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TAMPA (CBSMiami/AP) — An unidentified person of interest, seen in security videos, is now officially a suspect in a string of unsolved killings within the past month in Tampa’s Seminole Heights area.

Interim Tampa Police Chief Brian Dugan showed both videos during a news conference Wednesday afternoon. Neither shows an actual shooting.

The first video shows a man walking about the time of the first fatal shooting on Oct. 8. Dugan says the second video shows the same man walking early Tuesday morning about the time of 60-year-old Ronald Felton’s slaying.

Dugan implored any member of the community who might recognize the man to contact police. The total reward is up to $91,000.

Dugan says about two dozen detectives continue to go through hours and hours of surveillance footage collected from the Seminole Heights neighborhood.

The latest victim, Felton, was crossing a street to meet someone when the suspect came up behind him and shot him shortly before 5:00 a.m. Felton was on his way to meet with the pastor of a local church, where he has been a volunteer for the past 10 years.

Dugan said it is extremely possible that the killer — or killers — lives in the neighborhood.

“Whoever is doing it, they’re familiar with the neighborhood and they’re able to vanish very quickly,” Dugan said.

Residents and police have been on edge since Oct. 9, when 22-year-old Benjamin Mitchell was shot to death. Two days later, 32-year-old Monica Hoffa, was slain. And on Oct. 19, Anthony Naiboa, 20, was killed after taking the wrong bus home from his new job.

“This was a very decent neighborhood until the last couple of months,” sighed Sherry Street, 50, a cook who has lived in the area for seven years. “Up until recently I used to accidentally fall asleep with the door unlocked.”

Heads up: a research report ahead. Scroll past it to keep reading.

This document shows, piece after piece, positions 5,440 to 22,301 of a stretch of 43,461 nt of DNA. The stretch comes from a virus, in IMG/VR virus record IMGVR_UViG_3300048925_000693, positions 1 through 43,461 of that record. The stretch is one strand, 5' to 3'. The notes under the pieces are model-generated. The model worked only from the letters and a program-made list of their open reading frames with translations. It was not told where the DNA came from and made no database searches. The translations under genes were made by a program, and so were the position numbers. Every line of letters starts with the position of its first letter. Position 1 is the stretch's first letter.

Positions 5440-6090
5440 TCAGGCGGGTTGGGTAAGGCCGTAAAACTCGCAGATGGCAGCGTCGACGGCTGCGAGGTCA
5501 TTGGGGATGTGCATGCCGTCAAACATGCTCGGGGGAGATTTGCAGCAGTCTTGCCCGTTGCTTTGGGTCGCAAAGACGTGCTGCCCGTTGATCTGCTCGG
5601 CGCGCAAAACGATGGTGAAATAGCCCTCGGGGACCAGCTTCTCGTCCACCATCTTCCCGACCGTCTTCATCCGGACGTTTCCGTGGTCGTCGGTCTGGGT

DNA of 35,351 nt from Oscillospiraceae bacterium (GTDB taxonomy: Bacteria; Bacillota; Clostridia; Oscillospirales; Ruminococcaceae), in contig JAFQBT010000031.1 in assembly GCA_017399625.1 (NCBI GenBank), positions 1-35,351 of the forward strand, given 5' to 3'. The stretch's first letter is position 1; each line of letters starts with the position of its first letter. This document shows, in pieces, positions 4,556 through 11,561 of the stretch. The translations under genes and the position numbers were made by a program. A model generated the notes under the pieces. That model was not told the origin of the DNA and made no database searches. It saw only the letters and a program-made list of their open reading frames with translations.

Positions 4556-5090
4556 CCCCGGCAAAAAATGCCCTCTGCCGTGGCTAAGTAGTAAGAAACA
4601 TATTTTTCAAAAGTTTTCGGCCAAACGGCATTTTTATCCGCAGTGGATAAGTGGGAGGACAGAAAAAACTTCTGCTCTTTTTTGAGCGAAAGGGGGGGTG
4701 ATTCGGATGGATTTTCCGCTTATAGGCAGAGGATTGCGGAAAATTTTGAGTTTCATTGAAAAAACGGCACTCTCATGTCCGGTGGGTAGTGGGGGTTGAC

Street said she has stopped walking to the store, taking the bus or sitting outside to smoke at night. Her friends would often stop by and hang out on her porch to talk, but “now they’re like, ‘I’m not coming to see you.'”

Police gained a better description of the suspect after the fourth killing, saying a witness described him as an African-American male with a light complexion. They believe he is approximately 6’ to 6’2″ tall, with a thin build. He was last seen wearing all black with a baseball cap on, and was armed with a large black pistol.

Previously, officers didn’t have much to go on other than a grainy video of a person running near one of the crime scenes.

Dugan asked residents to check on their own firearms to see whether any weapons have gone missing.

“If you own a gun and it’s in your home, I want you to go to your gun and find out if it’s still there,” he said. “Verify it’s where it’s supposed to be, and if it’s not, we need you to call us.”

Dugan said on Tuesday afternoon that this latest killing was a little “bolder” than the previous ones, as it took place on a major street that was well lit. Police searched yards, sheds and crawl spaces, but did not find the suspect, leaving police in a bit of a “stalemate,” Dugan said.

Last month, officials said they were not calling the suspect a serial killer.

“We’re not using the word ‘serial killer’ yet because we just don’t have enough evidence,” Buckhorn said. “We’re not afraid of that word — if we think that that’s true, we’ll be happy to say it. But we’ve got to connect the dots.”

 (© Copyright 2017 CBS Broadcasting Inc. All Rights Reserved. The Associated Press contributed to this report.)